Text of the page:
Project – Flames in the Furrow

Pattern: Furrow to the Plough
Designer: Rebecca Marsh

Yarn: Manos del Uruguay Fino
Shade: 6362

Ravelry: Flames in the Furrow

I found this yarn when on a day trip to Ely with some of my lovely knitting friends. We had planned into the day a visit to Yarn on the Square which was a very cosy and welcoming place. I wasn’t in need of anything in particular so I browsed vaguely. As soon as I reached the Manos del Uruguay stand I was immediately taken by this skein of yarn, the colour was so amazing! I must have picked it up and put it down again about half a dozen times before I decided that clearly I needed it!

Yarn selfie!

Straight away I knew it needed to be a scarf so I scoured the Ravelry pattern search for something suitable. Very quickly I found the pattern for Furrow to the Plough and really liked it. When I read that the inspiration for the pattern and its name came from Firefly, I knew it was the one! The colour of the yarn makes me think of a big cosy fire which is why my version is named Flames in the Furrow.

Flames in the Furrow - double wrap

The yarn was a delight to knit with, really easy to work. The only downside was that the dye wasn’t well fixed and I did come away with orange hands when I knitted, but it washed right off so wasn’t a problem. Even better was that after one gentle wash prior to blocking, all the loose dye came out and I’ve had no dye transfer at all when wearing it. Good thing too, as I wear it all the time!

Flames in the Furrow - detail

I really can’t recommend this yarn enough, nor the pattern. It’s a very simple pattern repeat, just knit as if to do P3 K5 rib but because you cast on one less stitch than would be required for a rib repeat, you end up instead with a diagonal shift that creates the wonderful furrow effect. It’s also the perfect length for me – it can either be worn singly to give a big colour effect or wrapped double for a snuggly neck.


Rowan Mystery Afghan KAL – Finally finished!

So I’m back with a bang! Can you believe it’s been almost 2 years since Rowan first launched their Martin Storey Mystery Afghan KAL? If it’s been so long that you’ve forgotten, you can see my other blog posts here. And I have finally finished the huge amount of sewing required just in time (OK, a little bit late) to gift the blanket to my brother and new sister-in-law on their wedding. I think it looks absolutely amazing and I’m so pleased that they like it too.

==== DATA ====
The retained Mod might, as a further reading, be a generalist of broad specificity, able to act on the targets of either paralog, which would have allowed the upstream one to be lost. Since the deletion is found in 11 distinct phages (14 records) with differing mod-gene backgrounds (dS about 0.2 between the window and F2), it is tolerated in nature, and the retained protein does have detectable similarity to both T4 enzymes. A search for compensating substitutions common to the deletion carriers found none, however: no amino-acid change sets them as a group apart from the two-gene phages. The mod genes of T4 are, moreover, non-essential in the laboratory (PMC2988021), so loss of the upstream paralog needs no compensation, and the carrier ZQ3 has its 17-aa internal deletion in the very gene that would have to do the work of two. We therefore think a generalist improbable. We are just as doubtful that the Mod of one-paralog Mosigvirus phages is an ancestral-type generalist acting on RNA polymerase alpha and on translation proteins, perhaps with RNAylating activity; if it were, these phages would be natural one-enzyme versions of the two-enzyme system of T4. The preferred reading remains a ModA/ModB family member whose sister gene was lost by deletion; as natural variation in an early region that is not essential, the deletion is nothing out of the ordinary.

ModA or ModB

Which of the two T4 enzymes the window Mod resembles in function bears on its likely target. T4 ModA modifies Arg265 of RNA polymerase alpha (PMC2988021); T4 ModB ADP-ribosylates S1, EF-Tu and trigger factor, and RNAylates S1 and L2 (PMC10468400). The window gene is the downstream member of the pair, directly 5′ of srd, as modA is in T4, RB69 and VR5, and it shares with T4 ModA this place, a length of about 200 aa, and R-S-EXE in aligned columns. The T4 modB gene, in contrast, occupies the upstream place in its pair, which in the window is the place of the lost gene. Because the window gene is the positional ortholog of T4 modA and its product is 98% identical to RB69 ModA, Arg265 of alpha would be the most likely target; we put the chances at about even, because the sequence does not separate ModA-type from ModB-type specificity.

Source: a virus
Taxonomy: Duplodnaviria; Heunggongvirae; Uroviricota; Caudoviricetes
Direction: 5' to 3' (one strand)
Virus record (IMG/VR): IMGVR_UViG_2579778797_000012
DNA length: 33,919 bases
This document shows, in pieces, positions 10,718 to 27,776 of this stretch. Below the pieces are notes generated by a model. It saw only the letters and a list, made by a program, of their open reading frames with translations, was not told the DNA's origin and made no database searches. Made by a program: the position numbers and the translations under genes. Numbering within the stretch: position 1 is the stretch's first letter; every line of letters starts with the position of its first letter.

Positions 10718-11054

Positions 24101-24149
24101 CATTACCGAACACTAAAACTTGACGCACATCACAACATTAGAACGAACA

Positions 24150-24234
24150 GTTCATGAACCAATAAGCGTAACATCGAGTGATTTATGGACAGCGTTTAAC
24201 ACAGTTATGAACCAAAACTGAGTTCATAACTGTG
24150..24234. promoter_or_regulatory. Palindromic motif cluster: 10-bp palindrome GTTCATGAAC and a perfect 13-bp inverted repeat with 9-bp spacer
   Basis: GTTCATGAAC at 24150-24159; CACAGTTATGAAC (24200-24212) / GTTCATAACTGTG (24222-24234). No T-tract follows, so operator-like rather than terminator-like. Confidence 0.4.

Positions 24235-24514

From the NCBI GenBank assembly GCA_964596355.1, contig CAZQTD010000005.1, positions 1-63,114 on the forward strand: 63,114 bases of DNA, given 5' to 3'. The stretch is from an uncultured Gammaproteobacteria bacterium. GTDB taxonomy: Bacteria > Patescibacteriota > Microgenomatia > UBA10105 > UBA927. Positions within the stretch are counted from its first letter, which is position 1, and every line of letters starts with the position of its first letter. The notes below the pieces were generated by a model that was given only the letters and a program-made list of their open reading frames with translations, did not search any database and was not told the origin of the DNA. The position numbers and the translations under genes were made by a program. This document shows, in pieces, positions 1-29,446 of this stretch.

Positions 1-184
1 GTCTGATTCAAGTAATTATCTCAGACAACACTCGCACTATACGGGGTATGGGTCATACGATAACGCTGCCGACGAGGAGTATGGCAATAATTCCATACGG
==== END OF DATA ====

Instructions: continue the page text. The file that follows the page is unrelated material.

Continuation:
Here are some photos of the finished Afghan spread out in our guest room. It’s a dark winter’s day here today so the lighting wasn’t great, but I think the colours still came out reasonably well.

PWW Afghan Complete

PWW Afghan TopPWW Afghan Bottom Left

PWW Afghan Bottom RightPWW Afghan Middle

What an epic project. I stopped and started so many times that it’s taken me 1 year and 8 months to finish. Yikes! But what a fantastic sense of satisfaction now it’s done. I hope this will inspire you to pick up one of your long term languishing projects over the Christmas period.

Project – Cabled Ottoman Cover

Pattern: Cabled Ottoman Cover
Designer: Julie Farmer

Yarn: Rowan Pure Wool Worsted
Shade: Umber (110)
Pure Wool Worsted - Umber 110

Ravelry: Cabled Ottoman Cover

If you follow me on Facebook or Twitter, you may recall that a couple of months ago the brand new sofas arrived for our new home. I was very excited!

As predicted, I went straight to looking for things I could knit to go with them and this project is the first. I have an old ottoman footstool that I bought from IKEA when I was a student, it’s just a plywood cube with a small cushion that straps on top and it was very useful at the time. As you do when you’re a student, I bought one with a bright purple fabric cover and of course it just doesn’t match anything any more. So I wanted to knit a nice new cover that would match our forever furniture. A search on Ravelry brought back just the perfect pattern, it was almost exactly what I’d imagined I might want and it was a free download too!